Nuclear noted as an answer to electricity demands from data centers

March 12, 2024, 9:30AMANS Nuclear Cafe

The spread of “electricity-hungry data centers and clean-technology factories” throughout the United States is “leaving utilities and regulators grasping for credible plans to expand the nation’s creaking power grid,” according to a recent article in the Washington Post. According to the report, the surge in industrial power requirements due to such factors as innovation in artificial intelligence (AI) and the corresponding construction of large computing infrastructure, is prompting some officials to “look beyond the grid” to ease the “grid bottleneck” and meet electricity demands.

In related news from last week, Amazon bought a nuclear-powered data center from Talen Energy. The center is located next to Susquehanna nuclear power plant, in Salem Township, Penn., which supplies electric power to meet the center’s demands.

One off-the-grid solution put forth by the article is the industrial use of on-site small modular reactors. The power possibilities from future fusion energy are also noted.

Nuclear answers: The industrial use of next-generation nuclear power is noted in relation to the efforts of Microsoft and Google, which “are among the firms hoping that energy-intensive industrial operations can ultimately be powered by small nuclear plants on-site.” In fact, Microsoft has plans to eventually purchase nuclear fusion energy from Helion Energy.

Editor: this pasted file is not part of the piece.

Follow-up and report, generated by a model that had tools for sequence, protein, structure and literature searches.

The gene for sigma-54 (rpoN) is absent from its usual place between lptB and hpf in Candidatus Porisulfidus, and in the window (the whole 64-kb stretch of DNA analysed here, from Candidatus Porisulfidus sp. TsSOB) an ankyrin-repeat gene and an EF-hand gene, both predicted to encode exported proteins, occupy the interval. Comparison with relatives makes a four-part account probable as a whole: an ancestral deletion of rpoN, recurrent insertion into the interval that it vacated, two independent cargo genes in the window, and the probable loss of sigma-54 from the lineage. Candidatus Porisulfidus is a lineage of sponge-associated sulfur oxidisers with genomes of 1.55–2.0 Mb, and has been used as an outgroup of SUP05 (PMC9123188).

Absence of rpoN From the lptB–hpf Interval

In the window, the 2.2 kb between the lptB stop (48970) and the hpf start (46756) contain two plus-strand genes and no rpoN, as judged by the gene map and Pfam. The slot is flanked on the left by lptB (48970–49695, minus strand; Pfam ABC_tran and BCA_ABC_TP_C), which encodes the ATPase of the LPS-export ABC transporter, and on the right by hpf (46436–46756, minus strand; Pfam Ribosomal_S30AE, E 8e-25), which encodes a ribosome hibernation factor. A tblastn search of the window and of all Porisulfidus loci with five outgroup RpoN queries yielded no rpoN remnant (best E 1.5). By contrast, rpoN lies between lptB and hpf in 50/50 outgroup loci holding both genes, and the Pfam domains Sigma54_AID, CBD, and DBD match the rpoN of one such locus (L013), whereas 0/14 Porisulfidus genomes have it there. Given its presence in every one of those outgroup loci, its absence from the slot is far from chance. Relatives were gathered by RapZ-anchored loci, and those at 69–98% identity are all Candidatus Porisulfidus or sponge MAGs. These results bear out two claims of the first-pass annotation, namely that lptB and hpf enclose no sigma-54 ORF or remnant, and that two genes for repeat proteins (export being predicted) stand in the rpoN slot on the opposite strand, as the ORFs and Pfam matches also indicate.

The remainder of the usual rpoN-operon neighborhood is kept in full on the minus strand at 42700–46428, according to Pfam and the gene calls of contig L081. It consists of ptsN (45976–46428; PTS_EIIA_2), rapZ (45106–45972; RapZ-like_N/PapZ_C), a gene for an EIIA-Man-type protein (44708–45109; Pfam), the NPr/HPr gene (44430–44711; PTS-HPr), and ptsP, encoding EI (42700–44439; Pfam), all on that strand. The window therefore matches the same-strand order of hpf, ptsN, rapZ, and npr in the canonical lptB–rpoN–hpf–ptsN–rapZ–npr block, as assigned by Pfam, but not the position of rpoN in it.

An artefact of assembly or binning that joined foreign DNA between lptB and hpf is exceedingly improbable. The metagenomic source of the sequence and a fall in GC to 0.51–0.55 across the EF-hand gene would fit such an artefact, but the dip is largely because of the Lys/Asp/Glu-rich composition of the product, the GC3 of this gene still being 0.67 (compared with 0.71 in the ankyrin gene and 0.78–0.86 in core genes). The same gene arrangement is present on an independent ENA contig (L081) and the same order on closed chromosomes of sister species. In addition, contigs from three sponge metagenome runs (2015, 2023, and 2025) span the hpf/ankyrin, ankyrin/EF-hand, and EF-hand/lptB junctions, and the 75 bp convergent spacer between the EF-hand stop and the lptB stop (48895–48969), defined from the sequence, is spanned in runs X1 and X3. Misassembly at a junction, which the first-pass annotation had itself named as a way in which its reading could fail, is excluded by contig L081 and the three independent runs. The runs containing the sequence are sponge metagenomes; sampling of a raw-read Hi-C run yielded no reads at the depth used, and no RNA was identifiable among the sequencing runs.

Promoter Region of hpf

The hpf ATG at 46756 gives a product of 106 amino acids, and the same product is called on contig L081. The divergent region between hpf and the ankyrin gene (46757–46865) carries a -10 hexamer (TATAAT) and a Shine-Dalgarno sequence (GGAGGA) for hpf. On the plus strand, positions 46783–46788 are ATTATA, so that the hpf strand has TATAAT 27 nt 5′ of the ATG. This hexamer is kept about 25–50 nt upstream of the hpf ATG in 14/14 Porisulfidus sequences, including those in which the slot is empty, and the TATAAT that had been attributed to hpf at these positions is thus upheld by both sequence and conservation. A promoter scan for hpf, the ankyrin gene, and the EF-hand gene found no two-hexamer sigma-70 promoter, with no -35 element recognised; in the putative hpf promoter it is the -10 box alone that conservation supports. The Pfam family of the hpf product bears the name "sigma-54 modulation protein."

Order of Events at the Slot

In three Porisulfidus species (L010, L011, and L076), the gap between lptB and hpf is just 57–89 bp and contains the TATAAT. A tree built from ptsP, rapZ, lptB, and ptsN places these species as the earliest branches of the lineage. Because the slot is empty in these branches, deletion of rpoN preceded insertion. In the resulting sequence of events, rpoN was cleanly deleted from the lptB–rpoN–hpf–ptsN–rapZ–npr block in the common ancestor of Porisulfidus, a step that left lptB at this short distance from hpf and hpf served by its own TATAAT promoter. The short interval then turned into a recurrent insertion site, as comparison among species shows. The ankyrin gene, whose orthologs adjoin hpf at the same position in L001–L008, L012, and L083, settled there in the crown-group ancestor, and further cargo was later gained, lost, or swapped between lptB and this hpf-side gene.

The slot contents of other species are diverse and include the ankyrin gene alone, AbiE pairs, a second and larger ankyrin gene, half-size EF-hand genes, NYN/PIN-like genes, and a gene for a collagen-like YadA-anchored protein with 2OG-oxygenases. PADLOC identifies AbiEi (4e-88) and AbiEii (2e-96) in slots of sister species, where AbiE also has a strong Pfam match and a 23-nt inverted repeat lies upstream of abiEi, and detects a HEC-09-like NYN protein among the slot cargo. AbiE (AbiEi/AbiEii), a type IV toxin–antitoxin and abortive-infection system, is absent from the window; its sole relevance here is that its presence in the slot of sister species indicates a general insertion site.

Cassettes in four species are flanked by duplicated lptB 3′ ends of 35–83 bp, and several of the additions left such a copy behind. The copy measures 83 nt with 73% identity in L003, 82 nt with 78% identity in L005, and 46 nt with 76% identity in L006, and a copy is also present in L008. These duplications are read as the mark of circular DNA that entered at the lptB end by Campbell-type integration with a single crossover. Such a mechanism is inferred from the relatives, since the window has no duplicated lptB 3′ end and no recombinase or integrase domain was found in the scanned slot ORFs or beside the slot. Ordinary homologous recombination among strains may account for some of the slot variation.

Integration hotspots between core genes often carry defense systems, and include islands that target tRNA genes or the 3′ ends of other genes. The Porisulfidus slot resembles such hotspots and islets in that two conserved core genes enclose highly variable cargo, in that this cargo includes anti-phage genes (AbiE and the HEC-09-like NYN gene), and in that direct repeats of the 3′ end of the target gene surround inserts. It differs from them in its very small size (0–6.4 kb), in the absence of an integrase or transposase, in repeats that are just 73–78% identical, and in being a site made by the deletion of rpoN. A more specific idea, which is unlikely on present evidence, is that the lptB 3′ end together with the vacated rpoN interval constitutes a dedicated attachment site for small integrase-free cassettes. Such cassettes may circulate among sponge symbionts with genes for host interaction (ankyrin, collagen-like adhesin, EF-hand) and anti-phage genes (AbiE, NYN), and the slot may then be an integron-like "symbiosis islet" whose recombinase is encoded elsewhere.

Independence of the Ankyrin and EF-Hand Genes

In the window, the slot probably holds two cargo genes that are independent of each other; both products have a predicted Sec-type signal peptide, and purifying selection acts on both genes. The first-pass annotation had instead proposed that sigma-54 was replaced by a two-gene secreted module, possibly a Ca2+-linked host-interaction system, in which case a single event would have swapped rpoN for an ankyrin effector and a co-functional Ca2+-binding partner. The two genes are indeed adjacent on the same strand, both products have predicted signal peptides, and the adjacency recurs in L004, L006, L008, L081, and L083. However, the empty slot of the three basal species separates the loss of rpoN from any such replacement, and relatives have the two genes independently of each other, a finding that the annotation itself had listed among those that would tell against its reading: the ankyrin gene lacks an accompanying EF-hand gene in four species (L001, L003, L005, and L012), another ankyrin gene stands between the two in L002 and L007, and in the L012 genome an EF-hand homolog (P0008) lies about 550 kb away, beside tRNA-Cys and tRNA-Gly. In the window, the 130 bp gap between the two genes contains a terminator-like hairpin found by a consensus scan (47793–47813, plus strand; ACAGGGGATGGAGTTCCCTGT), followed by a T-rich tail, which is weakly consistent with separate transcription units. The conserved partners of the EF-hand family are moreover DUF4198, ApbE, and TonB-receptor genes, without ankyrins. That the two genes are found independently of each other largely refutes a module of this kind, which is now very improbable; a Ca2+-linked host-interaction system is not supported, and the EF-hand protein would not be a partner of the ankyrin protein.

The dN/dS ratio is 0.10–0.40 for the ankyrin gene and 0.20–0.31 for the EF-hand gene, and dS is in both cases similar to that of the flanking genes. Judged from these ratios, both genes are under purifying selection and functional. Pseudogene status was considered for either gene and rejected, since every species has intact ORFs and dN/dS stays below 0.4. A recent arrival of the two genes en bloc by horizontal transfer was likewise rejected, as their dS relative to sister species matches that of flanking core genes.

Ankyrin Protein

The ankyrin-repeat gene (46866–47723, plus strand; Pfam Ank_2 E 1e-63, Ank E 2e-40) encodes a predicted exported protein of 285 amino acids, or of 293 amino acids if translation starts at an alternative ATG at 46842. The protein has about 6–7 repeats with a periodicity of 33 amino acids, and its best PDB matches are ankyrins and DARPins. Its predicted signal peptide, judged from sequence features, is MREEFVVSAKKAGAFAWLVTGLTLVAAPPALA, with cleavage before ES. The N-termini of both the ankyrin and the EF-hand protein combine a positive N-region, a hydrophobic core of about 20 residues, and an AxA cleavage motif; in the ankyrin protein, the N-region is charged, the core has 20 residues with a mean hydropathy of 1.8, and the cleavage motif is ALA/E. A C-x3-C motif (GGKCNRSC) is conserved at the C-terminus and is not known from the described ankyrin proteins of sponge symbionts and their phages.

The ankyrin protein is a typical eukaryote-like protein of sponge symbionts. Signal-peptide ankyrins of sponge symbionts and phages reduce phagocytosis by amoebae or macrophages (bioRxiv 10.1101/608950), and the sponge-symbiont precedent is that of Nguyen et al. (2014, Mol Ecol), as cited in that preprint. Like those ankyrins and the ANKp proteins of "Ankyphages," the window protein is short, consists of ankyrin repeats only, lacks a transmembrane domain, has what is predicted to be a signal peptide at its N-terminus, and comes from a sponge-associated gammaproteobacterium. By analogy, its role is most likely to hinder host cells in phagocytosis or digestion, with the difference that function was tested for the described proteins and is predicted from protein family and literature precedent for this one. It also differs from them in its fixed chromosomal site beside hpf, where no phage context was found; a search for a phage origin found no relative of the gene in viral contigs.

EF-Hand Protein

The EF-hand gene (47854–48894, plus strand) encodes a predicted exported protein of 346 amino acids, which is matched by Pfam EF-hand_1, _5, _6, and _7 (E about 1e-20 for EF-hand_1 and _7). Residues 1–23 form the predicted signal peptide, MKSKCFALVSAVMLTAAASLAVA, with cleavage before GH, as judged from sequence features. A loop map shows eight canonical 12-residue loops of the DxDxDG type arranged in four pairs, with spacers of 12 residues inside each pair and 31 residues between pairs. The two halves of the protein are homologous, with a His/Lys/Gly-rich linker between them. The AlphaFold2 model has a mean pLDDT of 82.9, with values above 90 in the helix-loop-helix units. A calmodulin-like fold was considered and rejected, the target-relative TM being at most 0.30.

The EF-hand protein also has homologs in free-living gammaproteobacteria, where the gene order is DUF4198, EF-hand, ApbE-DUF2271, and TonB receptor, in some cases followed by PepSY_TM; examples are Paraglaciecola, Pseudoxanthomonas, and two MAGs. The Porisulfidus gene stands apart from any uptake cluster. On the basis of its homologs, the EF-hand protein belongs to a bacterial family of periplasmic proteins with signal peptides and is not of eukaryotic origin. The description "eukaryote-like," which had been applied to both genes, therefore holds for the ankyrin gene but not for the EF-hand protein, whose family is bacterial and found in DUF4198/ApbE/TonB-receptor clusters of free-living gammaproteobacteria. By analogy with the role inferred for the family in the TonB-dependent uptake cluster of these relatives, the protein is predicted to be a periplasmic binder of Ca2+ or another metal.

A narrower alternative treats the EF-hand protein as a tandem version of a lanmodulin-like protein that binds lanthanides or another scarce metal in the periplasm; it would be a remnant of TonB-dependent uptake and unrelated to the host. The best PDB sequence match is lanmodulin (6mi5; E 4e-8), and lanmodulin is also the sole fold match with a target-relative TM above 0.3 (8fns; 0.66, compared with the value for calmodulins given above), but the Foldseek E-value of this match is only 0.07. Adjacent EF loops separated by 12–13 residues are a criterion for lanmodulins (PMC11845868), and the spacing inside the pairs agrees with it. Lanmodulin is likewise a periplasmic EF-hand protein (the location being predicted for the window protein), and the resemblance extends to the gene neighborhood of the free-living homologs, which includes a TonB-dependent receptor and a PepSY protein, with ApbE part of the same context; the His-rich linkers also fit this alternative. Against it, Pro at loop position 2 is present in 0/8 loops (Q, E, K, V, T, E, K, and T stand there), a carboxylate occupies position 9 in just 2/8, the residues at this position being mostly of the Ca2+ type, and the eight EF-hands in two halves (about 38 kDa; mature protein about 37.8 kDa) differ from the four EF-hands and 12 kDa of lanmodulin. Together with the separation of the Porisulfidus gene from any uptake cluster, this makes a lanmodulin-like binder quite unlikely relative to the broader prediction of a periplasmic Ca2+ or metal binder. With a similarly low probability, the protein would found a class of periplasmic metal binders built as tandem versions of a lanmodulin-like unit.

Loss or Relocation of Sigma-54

The article opines that “going off the grid brings its own big regulatory and land acquisition challenges. The type of nuclear plants envisioned, for example, are not yet even operational in the United States. Fusion power does not yet exist.”

Michael Ortiz, chief executive officer of Layer 9 Data Centers, told the Washington Post, “Data centers are going to have to become more efficient, and we need to be using more clean sources of efficient energy, like nuclear.”

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